I truly believe that Trent Reznor “gets it” with his recent release of Ghosts in a variety of forms. For those that don’t know, Ghosts is the latest album from Nine Inch Nails. Here’s the announcement that came along with the release:
Hello from Nine Inch Nails.
We’re very proud to present a new collection of instrumental music, Ghosts I-IV. Almost two hours of music recorded over an intense ten week period last fall, Ghosts I-IV sprawls Nine Inch Nails across a variety of new terrain.
Now that we’re no longer constrained by a record label, we’ve decided to personally upload Ghosts I, the first of the four volumes, to various torrent sites, because we believe BitTorrent is a revolutionary digital distribution method, and we believe in finding ways to utilize new technologies instead of fighting them.
We encourage you to share the music of Ghosts I with your friends, post it on your website, play it on your podcast, use it for video projects, etc. It’s licensed for all non-commercial use under Creative Commons.
We’ve also made a 40 page PDF book to accompany the album. If you’d like to download it for free, visit http://ghosts.nin.com/main/pdf
Ghosts I is the first part of the 36 track collection Ghosts I-IV. Undoubtedly you’ll be able to find the complete collection on the same torrent network you found this file, but if you’re interested in the release, we encourage you to check it out at ghosts.nin.com, where the complete Ghosts I-IV is available directly from us in a variety of DRM-free digital formats, including FLAC lossless, for only $5. You can also order it on CD, or as a deluxe package with multitrack audio files, high definition audio on Blu-ray disc, and a large hard-bound book.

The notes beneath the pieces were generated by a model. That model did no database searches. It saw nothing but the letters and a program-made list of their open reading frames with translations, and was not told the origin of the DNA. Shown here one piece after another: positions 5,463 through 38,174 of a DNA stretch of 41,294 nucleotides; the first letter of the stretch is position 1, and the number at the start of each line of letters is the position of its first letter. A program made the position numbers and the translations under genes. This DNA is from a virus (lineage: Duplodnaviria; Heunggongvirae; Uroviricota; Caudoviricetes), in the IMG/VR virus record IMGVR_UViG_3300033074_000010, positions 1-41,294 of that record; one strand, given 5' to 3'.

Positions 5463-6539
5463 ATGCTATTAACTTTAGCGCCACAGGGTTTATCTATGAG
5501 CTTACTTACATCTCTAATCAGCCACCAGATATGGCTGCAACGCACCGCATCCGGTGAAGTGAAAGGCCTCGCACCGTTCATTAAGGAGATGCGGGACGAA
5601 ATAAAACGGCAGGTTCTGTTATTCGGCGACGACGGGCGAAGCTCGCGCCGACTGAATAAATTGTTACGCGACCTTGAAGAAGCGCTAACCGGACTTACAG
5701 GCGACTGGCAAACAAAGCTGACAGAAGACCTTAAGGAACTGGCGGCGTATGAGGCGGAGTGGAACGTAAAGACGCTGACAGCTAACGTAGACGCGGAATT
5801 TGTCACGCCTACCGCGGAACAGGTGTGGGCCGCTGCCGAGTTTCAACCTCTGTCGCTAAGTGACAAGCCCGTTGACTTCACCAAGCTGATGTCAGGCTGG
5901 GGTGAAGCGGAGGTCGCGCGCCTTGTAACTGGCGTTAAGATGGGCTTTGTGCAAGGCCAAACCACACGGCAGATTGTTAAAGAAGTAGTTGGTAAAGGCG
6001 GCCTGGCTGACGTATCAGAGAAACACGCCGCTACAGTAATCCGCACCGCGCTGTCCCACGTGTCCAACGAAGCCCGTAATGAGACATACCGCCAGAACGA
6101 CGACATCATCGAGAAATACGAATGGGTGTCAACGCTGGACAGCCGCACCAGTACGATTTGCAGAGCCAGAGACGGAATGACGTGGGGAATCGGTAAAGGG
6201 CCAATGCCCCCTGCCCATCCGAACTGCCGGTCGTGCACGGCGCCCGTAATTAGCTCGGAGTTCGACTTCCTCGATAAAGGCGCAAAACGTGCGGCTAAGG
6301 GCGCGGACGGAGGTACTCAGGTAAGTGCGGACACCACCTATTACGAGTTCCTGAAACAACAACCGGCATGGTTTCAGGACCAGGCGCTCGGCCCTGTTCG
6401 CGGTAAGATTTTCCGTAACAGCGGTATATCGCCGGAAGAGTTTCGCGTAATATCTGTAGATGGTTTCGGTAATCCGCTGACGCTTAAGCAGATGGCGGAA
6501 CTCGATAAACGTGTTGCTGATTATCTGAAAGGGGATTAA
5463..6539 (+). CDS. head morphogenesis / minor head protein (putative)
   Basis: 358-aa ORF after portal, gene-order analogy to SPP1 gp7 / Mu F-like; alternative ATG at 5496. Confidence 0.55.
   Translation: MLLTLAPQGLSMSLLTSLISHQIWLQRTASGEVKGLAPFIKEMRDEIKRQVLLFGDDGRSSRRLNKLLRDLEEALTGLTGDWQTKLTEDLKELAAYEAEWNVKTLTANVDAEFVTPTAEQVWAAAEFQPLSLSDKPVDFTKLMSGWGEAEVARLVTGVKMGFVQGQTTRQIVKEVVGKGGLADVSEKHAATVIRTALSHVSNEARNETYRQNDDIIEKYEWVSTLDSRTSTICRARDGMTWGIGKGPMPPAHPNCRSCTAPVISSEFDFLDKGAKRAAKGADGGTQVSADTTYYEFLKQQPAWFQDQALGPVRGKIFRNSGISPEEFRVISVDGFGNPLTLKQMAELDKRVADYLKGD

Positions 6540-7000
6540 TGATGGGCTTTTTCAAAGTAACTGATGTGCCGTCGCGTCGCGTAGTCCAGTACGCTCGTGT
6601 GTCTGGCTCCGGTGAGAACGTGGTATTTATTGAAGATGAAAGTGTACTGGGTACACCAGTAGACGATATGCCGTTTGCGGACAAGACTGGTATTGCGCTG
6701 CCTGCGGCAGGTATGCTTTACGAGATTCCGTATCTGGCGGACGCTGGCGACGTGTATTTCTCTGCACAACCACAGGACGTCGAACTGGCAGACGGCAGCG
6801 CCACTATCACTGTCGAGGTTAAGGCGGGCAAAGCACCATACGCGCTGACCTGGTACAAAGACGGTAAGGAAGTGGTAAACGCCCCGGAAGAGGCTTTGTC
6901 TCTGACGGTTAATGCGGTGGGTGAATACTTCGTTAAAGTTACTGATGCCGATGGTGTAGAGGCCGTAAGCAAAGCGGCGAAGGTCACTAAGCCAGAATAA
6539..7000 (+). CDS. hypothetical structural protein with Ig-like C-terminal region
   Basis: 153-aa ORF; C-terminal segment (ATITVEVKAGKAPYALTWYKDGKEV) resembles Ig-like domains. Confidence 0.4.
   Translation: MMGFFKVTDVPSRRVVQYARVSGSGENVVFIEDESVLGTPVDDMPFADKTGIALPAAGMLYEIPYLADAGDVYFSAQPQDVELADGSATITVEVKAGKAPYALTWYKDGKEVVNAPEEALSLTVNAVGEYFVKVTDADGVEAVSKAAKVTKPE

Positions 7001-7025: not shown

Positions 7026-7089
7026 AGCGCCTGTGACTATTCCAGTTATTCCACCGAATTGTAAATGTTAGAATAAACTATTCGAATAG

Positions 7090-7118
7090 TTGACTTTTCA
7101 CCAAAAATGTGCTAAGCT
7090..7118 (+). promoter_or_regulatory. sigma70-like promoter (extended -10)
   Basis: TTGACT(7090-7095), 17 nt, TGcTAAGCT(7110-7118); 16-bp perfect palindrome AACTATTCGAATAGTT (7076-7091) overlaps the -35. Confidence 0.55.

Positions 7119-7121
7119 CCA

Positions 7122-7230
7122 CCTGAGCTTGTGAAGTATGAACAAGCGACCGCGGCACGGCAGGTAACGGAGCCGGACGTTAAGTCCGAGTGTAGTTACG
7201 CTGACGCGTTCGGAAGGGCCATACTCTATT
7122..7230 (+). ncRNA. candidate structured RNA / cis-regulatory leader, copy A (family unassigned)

We genuinely appreciate your support, and hope you enjoy the new music. Thanks for listening.
I think Radiohead paved some way with their release of Rainbows, but Trent Reznor has blown the doors off with this kind of release. For years I’ve been clamoring for releases of media in ways that I want to use it, with appropriate pricing and licensing. DRM-Free with a Creative Commons license for personal use in any way you see fit. Thank you Mr. Reznor. Here’s hoping more artists follow in your footsteps.
For all you nay-sayers that think this isn’t a viable business model, there are posts pointing out the revenue of the limited edition collectors set at $750k (2500 units at $300 apiece). In addition to that there is teh $75 “deluxe edition” (physical media), $10 CD, and $5 downloads (totally unlimited). Minus the costs of producing all this, some materials, and bandwidth, Trent still ends up with a pretty significant chunk of income. With all the major players in the music industry dropping DRM and more and more artists releasing their work for free, the music industry is finally getting the upheaval that it needed.